5

For some people, weather conditions (specifically: temperature and humidity) make a big difference. Not so much for direct intake of oxygen, but because repeated inhalation of cold, dry air directly through the mouth can cause significantly more irritation of the airways and lungs, triggering asthma symptoms. Breathing through the nose warms and slightly ...


5

What supporting muscle groups need to be strengthened? All of them! Cycling is a full body sport, despite what some people will say. Ever ridden a long ride on a road bike? You may have soreness all the way from your neck to your toes. Some of this can be from poor bike setup, but that's another topic entirely. The major muscles are obviously going to be ...


5

I seriously doubt that it's due to the lack of shocks, unless you have some really bad roads there -- many people ride bikes great distances with no shocks, skinny, stiff tires, and no real springs in the seat. More likely your problem is with your posture -- seat too low, handlebar too low, handlebar too close or too far away, and/or pedals at the wrong ...


4

I'm over 50, starting my 30th year of cycling, and raced for 10 years when much younger. I've been tracking my performance over the 30 years with detailed training diaries. The main age related issue I've found is that it takes longer for me to recover from hard efforts. The consequence is that I cannot train as hard overall because I cannot handle as many ...


4

It sounds like we have similar needs in bikes. I'm new to having a "real" bike (not just a $150 break-it-in-a-year bike), so my first stop was a number of local bike shops. At the shops I tried to honestly answer what I planned on doing with the bike (~3 mile commute daily, weekend leisure/exercise rides, and running errands) and let the staff guide me ...


4

The best advice I'm seeing here is to go to your bike shop and try out a few bikes. When you have a few test rides behind you, then you'll have a better idea of what questions to ask. What this boils down to: Test-ride a few bikes, buy one, have fun with it. Everything else is details. Bike types I'd concentrate my search on hybrids and hardtail ...


4

It could be due to your bike fit, but there's a lot of power in your quads, and if you will note a lot of pros (very noticeable track) cyclists have large quads. I think this might help you, it shows what muscles are responsible for what part of a pedal stroke: http://dropbar.freetonik.com/post/4994370468/what-muscles-are-responsible-for-what-portion-of


4

You've just become familiar with the feeling of exercise induced nausea. Don't worry, you're not at all alone. No matter your long distance endurance, it happens after a period of over exertion ( any amount of exertion more than your body is used to, regardless of your fitness level ), and is sometimes exacerbated by not enough or too much hydration.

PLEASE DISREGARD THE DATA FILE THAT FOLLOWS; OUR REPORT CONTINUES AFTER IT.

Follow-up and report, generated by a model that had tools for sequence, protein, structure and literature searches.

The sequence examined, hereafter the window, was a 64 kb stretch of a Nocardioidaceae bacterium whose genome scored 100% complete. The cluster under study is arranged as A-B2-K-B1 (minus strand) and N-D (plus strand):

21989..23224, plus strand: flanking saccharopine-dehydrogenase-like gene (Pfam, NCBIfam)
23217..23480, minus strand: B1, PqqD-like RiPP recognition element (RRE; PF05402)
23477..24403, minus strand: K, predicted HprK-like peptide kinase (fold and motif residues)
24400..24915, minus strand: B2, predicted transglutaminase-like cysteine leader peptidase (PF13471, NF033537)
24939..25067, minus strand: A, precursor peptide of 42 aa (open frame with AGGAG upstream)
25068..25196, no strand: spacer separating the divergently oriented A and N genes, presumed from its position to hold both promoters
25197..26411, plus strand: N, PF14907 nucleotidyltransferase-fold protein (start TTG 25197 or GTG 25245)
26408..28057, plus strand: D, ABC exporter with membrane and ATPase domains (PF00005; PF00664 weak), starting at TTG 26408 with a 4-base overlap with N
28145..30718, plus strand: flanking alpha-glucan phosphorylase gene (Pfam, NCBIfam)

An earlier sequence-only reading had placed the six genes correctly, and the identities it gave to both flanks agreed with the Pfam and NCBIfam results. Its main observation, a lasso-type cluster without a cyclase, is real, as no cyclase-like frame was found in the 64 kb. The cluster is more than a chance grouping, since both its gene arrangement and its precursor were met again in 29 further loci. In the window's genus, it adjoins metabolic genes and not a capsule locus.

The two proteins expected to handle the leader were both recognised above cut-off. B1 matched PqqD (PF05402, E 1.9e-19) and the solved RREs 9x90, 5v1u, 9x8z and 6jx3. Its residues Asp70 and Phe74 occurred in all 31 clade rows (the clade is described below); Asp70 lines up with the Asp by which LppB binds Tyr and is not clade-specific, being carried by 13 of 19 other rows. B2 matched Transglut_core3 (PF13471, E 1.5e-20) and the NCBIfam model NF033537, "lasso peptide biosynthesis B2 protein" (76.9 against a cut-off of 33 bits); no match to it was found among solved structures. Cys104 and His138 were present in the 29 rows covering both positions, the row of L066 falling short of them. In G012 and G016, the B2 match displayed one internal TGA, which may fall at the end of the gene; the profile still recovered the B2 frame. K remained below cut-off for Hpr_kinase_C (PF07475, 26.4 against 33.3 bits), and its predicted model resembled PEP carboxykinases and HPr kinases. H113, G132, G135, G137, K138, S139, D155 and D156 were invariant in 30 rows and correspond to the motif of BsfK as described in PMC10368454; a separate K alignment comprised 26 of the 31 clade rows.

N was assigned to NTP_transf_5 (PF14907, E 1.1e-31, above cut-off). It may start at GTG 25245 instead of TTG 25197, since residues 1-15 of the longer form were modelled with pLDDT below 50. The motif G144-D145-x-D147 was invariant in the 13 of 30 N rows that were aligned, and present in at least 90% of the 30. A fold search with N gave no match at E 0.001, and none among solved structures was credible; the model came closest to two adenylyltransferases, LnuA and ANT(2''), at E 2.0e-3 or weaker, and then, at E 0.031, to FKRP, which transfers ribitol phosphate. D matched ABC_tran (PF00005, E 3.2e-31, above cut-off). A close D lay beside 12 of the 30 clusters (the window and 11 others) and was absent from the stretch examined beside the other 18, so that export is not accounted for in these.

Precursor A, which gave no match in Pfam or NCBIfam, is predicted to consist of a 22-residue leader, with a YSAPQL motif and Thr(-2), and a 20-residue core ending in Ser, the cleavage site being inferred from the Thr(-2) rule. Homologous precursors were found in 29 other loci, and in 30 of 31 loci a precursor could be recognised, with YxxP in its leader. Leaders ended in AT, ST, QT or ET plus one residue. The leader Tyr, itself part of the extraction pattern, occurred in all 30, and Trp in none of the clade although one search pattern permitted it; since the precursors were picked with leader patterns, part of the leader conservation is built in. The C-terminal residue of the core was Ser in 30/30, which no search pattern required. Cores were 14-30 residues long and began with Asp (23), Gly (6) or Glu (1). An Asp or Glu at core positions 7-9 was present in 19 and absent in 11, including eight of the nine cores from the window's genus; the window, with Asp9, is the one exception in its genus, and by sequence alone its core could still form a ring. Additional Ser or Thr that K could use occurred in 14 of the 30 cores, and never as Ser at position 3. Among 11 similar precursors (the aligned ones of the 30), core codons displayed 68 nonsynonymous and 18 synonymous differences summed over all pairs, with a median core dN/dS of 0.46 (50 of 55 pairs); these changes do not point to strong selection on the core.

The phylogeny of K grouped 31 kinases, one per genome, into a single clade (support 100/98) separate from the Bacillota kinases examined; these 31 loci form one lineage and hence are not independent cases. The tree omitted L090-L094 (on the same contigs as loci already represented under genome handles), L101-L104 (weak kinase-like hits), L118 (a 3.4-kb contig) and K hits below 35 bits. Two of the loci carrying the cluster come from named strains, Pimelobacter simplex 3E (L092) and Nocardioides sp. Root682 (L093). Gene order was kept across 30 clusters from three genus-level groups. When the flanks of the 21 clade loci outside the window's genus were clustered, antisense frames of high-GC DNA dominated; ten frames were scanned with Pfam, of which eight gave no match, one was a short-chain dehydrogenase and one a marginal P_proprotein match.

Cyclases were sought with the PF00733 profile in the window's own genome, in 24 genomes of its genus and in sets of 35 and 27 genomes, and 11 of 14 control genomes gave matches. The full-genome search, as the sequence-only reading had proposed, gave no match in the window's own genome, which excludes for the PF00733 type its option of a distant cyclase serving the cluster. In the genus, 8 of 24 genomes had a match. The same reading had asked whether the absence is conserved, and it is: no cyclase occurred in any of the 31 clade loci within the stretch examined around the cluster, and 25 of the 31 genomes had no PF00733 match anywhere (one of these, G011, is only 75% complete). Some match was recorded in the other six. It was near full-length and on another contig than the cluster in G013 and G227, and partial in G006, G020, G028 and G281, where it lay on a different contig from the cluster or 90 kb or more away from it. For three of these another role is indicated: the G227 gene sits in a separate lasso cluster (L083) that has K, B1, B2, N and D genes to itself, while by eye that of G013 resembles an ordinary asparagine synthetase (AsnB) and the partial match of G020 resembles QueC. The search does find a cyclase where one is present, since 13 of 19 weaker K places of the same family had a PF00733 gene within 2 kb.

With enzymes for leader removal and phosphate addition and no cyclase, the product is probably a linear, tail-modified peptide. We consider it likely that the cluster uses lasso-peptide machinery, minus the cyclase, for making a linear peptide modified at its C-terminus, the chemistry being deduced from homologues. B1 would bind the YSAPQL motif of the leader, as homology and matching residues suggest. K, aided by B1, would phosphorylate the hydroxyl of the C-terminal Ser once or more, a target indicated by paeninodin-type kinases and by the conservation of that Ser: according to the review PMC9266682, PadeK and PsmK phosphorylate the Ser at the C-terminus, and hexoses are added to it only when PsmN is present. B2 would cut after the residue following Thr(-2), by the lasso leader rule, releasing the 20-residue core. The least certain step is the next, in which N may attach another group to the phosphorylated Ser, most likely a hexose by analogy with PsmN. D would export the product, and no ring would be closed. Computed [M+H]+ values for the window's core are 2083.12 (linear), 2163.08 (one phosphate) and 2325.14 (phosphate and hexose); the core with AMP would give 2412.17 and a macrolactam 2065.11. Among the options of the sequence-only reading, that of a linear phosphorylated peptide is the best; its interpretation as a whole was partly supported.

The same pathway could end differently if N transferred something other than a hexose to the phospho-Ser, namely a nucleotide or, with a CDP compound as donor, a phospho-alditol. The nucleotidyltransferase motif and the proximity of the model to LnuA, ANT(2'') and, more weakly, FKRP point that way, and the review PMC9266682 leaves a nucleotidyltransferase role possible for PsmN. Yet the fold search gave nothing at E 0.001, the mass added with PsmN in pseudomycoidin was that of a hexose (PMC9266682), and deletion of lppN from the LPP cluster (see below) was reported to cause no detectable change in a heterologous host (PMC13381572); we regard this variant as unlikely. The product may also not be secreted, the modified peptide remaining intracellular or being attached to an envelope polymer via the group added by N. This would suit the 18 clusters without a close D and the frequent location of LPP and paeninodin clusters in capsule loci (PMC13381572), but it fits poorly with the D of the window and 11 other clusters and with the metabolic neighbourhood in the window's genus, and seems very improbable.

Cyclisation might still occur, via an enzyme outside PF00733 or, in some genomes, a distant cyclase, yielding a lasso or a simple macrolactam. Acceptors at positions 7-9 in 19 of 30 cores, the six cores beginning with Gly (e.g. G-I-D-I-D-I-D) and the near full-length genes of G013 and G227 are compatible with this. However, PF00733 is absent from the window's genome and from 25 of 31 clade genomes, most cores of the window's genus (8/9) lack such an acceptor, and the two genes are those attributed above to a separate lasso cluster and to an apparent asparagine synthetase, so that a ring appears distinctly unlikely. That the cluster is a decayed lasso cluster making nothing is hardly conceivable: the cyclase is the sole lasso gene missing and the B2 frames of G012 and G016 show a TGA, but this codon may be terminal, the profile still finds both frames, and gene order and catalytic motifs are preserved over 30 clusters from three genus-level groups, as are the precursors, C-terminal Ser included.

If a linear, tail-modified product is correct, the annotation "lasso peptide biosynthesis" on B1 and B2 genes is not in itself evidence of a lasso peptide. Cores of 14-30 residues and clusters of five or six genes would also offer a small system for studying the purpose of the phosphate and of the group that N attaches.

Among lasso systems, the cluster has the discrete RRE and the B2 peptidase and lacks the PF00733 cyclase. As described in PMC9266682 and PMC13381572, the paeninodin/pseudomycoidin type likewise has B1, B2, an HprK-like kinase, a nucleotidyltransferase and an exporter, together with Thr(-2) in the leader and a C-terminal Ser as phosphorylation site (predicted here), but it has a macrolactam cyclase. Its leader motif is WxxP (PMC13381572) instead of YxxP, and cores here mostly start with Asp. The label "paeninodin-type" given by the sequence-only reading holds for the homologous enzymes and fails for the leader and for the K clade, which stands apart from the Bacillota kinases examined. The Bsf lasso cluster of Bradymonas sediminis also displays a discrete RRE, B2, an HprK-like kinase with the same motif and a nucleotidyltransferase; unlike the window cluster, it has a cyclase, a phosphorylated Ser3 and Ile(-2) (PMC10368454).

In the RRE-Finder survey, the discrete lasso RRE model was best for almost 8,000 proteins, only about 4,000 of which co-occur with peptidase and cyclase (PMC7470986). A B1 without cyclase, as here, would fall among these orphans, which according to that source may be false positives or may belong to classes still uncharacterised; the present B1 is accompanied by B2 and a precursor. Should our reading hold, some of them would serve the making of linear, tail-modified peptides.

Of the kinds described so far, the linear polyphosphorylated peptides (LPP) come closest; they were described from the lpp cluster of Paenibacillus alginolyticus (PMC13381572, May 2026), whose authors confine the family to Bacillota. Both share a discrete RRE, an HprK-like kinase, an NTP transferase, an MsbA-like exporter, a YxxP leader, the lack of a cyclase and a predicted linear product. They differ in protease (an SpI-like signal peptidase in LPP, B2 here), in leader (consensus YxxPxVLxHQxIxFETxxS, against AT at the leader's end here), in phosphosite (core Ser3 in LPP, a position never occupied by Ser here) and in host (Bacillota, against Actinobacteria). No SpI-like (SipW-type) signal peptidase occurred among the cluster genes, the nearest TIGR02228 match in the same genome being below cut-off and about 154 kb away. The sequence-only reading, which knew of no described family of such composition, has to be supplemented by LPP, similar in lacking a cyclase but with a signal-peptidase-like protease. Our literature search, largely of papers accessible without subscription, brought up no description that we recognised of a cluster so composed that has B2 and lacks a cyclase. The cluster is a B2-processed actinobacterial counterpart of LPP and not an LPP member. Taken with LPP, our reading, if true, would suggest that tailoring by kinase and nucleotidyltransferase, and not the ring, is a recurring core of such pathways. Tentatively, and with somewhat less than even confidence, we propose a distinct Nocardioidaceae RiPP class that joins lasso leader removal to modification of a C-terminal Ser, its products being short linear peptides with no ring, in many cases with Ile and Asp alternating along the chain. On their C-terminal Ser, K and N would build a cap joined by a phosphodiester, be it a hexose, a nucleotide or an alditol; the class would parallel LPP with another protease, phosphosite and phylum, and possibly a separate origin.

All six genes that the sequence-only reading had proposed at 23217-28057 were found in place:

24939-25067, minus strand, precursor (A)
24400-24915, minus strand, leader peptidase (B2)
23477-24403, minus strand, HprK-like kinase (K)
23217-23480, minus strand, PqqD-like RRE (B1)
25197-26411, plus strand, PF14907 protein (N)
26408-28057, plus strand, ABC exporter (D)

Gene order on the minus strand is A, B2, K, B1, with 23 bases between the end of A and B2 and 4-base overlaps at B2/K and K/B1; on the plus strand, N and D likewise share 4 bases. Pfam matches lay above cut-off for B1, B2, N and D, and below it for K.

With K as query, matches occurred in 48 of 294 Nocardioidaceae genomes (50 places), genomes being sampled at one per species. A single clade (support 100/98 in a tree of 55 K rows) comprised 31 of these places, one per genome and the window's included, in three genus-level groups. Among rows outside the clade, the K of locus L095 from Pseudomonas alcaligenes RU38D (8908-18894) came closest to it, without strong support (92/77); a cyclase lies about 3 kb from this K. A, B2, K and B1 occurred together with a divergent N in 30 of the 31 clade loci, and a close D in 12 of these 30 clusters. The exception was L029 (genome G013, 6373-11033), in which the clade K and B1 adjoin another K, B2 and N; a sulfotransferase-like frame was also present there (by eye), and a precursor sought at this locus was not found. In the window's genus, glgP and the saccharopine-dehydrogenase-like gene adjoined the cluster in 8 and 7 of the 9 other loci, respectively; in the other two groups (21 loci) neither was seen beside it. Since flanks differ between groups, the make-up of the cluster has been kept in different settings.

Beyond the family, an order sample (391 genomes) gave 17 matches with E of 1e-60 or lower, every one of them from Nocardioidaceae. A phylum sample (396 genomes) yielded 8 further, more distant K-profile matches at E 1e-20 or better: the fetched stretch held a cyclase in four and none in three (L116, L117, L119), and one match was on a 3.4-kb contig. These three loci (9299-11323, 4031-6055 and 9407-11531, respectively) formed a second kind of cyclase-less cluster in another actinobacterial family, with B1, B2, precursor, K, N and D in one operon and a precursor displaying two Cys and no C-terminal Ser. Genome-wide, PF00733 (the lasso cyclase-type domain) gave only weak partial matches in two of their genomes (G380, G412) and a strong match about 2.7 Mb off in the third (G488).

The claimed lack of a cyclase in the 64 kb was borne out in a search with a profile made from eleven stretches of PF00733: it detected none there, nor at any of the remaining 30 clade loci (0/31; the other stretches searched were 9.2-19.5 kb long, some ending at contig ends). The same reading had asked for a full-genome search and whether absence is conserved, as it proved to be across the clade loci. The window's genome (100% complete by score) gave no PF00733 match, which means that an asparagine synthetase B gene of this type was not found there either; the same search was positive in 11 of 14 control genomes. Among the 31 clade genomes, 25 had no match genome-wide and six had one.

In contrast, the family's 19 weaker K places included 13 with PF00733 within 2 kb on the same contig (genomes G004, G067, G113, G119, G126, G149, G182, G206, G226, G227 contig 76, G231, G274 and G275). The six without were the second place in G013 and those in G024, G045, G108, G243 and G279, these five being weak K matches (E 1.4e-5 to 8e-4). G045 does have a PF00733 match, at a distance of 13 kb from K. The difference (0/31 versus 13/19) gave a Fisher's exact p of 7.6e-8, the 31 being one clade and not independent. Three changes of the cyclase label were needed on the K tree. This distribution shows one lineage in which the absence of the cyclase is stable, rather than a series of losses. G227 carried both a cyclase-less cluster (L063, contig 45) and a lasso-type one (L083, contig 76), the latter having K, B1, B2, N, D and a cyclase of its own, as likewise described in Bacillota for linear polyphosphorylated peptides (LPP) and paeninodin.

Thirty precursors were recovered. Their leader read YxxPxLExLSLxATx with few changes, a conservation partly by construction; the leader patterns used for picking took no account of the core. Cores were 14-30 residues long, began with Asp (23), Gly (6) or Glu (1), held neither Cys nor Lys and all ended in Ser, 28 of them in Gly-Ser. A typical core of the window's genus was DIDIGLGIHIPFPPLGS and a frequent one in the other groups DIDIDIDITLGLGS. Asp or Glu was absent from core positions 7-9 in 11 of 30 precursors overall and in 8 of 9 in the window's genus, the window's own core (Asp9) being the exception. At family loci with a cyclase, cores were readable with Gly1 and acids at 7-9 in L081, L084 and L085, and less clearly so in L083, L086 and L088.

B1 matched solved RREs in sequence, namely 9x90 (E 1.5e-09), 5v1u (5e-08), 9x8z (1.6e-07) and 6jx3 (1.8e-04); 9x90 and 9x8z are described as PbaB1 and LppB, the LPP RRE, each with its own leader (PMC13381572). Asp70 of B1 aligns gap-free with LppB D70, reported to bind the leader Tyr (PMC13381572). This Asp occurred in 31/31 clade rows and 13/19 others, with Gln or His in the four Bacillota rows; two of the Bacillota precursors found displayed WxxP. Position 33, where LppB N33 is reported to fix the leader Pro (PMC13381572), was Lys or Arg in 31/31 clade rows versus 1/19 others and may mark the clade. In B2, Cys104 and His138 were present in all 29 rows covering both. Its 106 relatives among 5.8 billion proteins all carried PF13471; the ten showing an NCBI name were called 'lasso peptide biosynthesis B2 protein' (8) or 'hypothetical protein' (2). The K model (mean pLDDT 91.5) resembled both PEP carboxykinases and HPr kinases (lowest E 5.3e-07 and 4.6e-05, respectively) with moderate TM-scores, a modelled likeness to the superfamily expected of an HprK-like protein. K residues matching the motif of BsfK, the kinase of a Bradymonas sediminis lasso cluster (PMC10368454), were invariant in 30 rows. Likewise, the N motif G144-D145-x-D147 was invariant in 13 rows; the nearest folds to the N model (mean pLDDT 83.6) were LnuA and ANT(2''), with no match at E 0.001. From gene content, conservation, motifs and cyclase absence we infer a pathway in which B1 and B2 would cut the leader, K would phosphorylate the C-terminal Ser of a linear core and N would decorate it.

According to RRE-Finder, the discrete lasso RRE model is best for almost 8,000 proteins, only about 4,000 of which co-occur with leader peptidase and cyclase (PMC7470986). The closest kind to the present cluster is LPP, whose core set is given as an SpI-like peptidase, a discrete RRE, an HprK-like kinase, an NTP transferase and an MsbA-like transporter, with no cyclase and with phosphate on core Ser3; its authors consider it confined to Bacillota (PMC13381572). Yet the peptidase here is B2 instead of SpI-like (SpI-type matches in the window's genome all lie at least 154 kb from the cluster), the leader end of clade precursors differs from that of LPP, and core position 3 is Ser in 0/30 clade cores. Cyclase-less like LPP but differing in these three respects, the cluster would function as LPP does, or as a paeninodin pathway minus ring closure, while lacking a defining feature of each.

4

How long do you have? How strong is your motivation? How good are the bikes? Unfortunately, most exercise bikes have a very poor "simulated feel", and a real cyclist tires of them pretty quickly. This is especially true of the old friction bikes and many of the wind and magnetic trainers. A few (Expresso bikes, and some of the newer Le Monde bikes that ...


3

Whether an interval training is effective or not depends mostly on your particulars relative to the interval. Heart rate is only a very inexact measure of effort, but you seem to be roughly in the ballpark. However, such quick switching between on/off interval state does not generally produce interval-like results and should be viewed as a single 30-minute ...


3

If your commute is only 4 miles each way then my advice is to extend it once or twice a week. Can you take a detour along some quiet roads? Any hills in the area? Do you pass a park around which you could do some laps? Take it easy on the way into work in the morning to save your energy, then go have some fun after work.


3

There is a period of about an hour after exercise where your body is more likely to replenish your muscles with carbs and protein rather than storing it on your body as fat. It may be worth waiting until you get to work before you eat your breakfast. To increase the intensity, maybe consider panniers with additional weights.


3

I already have my helmet and lights. What other accessories are recommended? It depends on the weather: Rain coat and warm clothing Fenders (aka mud-guards) Rack and pannier (to carry e.g. any spare clothing, wallet and keys) Cycling gloves, and cycling shoes Shorts Adequate tires (size, width, pressure, thickness, tread, puncture resistance) Snack, ...


3

Of course, as with any exercise, stretching is worthwhile. Mostly a few slow warm up laps around a short course, or taking it a bit easy the first few trips out, as you get used to riding a bike again. Mostly, try riding 2 or 3 days a week, with a rest day between, until you get fit enough to ride comfortably.